These opals tend to have one body color and do not usually contain the flashes of light and color typical of other opals. Mexican fire opal is the only natural opal that is normally faceted.
Care: Avoid harsh detergents. Never clean ultrasonically or steam clean.
Stone Name Color Treatment Usually Cut As
Peridot Peridot Medium green None
6.5-7
Cabochon
Faceted
Simulated Peridot Peridot
(simulated)
Light green to olive green Assembled
Lab-grown spinel doublet
8
Faceted
Peridot:
Sometimes called chrysolite, peridot is a gem from the mineral olivine. Its yellowish to vibrant green color is caused by iron.
Before the advent of modern chemistry, stones were classified by color only: all red stones were rubies and all green stones were emeralds. The “emeralds” which we now know to be peridot were mined on St. John's Island (also called Zebirget) in the Red Sea as long ago as 1300 B.C. At that time the island was known as Topazios and the green gems were called topaz.
Peridot is an August birthstone.
Lore:
In ancient Hebrew writings this stone is linked with the Tribe of Simeon.
Peridot was believed to cure liver disease and dropsy, to free the mind from envious thoughts, and to dispel terrors of the night. For full magical power it is said that peridot should be set in gold.
Care: Avoid harsh detergents. Never clean ultrasonically or steam clean either peridot shown here.
Stone Name Color Treatment Usually Cut As
Lemon Quartz Lemon Quartz Soft yellow Irradiated and heat-treated
7
Faceted
Smoky Quartz Smoky Quartz Medium smoky brown Irradiated
7
Faceted
Quartz:
Quartz is the most common of all minerals. Included in the quartz family are amethyst, citrine, flint, onyx, aventurine, jasper, carnelian, rock crystal, agate and chrysoprase.
Smoky Quartz is often incorrectly called smoky topaz.
From the German Quarz meaning “rock crystal.”
Care: Avoid harsh detergents. Ultrasonic cleaning is usually safe. Never steam clean.
Stone Name Color Treatment Usually Cut As
Ruby, AAA grade Ruby, AAA grade Medium red Heat-treated
9
Faceted
Ruby, AA grade Ruby, AA grade Dark red Heat-treated
9
Faceted
Ruby, A grade Ruby, A grade Medium to light red Heat-treated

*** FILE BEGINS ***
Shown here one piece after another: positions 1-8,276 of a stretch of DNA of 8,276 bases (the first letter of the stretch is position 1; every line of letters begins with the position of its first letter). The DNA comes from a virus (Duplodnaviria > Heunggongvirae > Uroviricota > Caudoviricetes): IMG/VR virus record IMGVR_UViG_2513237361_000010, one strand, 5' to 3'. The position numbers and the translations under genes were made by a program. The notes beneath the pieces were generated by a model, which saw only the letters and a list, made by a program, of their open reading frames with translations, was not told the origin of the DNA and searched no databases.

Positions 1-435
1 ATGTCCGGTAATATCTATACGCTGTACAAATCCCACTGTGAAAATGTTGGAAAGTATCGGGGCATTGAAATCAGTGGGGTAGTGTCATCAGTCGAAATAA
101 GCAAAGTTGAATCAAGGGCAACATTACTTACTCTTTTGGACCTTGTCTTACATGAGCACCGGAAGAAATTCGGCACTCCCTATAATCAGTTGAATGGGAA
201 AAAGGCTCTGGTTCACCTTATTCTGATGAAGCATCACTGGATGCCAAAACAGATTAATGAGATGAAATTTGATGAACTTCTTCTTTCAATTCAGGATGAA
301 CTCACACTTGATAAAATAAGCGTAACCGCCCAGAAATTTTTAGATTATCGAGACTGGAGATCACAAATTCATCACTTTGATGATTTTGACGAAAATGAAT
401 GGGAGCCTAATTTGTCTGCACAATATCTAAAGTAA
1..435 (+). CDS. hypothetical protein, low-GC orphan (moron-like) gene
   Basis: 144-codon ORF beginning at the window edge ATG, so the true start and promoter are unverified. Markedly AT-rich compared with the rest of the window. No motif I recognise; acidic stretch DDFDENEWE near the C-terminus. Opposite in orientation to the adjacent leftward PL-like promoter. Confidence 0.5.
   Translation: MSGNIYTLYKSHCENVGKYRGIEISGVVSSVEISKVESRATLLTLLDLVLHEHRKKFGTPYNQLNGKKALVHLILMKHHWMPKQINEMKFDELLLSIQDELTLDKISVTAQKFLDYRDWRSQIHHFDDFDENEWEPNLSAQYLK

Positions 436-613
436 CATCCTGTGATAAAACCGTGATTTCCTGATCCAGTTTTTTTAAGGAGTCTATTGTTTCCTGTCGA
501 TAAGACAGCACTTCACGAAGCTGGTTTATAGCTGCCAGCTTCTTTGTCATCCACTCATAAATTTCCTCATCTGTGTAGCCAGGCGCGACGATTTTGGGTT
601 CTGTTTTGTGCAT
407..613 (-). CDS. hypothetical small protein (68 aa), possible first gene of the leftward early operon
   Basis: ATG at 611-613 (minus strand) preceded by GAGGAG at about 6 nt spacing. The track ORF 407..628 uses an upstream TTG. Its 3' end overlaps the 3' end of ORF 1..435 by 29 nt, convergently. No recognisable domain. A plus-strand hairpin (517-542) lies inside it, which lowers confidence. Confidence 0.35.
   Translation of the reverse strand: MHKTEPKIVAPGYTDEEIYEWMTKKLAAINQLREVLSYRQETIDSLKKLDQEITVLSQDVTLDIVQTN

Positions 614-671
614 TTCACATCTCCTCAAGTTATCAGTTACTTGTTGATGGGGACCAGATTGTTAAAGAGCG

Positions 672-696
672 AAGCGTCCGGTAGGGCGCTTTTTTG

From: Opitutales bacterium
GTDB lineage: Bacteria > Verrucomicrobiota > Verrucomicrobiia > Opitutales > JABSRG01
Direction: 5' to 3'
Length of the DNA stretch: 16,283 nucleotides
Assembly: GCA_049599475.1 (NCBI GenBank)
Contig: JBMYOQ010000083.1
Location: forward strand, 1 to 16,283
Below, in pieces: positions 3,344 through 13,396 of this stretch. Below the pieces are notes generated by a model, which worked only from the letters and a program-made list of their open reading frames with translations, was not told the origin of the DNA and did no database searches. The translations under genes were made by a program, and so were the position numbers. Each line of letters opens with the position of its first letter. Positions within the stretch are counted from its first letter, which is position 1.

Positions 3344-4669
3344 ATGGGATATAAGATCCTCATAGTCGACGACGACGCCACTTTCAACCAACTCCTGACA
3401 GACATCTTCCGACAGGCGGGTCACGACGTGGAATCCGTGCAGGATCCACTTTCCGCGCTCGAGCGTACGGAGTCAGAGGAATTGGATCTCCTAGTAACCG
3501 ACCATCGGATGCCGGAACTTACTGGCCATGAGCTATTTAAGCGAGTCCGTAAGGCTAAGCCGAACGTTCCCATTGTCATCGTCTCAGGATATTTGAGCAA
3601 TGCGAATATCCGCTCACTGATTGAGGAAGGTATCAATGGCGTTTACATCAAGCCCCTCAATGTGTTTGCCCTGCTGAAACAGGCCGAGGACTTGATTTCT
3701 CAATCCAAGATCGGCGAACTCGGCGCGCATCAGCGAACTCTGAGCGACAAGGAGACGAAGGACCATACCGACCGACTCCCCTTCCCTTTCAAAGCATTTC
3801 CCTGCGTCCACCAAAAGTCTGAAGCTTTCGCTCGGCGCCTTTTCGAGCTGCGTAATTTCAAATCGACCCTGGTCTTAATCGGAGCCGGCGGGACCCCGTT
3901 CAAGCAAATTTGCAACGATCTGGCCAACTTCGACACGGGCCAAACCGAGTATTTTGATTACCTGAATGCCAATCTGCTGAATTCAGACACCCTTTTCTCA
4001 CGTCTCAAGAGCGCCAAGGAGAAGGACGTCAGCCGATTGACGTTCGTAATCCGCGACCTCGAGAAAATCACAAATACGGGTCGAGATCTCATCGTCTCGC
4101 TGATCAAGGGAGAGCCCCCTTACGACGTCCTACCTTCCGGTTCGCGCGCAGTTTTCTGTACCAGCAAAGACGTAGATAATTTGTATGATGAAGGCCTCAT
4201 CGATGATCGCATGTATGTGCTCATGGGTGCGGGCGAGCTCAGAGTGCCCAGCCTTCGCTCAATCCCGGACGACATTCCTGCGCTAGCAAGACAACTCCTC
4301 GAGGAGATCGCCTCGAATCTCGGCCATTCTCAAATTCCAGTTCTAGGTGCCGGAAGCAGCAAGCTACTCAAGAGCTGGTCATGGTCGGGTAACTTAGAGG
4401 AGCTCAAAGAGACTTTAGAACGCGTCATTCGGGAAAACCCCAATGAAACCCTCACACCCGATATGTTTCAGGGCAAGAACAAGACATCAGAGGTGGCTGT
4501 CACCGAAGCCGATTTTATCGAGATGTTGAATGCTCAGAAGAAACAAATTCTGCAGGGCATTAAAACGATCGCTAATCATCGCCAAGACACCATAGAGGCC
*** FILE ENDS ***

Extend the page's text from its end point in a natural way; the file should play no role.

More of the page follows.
9
Cabochon
Faceted
Synthetic Ruby Ruby
(synthetic)
Dark to medium rose-pink, usually with creme-white banding Laboratory-grown corundum
9
Cabochon
Faceted
Ruby:
A corundum that occurs as a deep red transparent stone and as an opaque reddish-gray material. Ruby owes its red color to traces of chromium; the depth of color is determined by the amount of chromium.
When flawless, a ruby is more valuable than a diamond.
Synthetic Ruby is laboratory grown corundum that has the same optical, physical and chemical properties as their natural counterpart and are produced for jewelry, watch bearings and laser equipment.
Historically, ruby is associated with royalty and the power of life and death.
Ruby is a July birthstone in the modern tradition, a July and December birthstone in the ancient tradition, and associated with the astrological signs Capricorn and Leo.
Lore:
It's been said that rubies ensure a peaceful, harmonious, healthy life as well as to control ones passions and thoughts.
To many ruby's color represents heat, life and power.
Rubies were attributed the power to prevent loss of blood and strengthen the heart.
Care: Avoid harsh detergents. Ultrasonic and steam cleaning are usually safe for natural and synthetic ruby.
 

Sources for the above information:
Gem supply catalogue.
McCreight, Tim. The Complete Metalsmith: An Illustrated Handbook. Worcester, Massachusetts, U.S.A.: Davis Publications, INC, 1991.
Douglas Harper. “Online Etymology Dictionary.” November 2001. http://www.etymonline.com

Last updated 11/26/11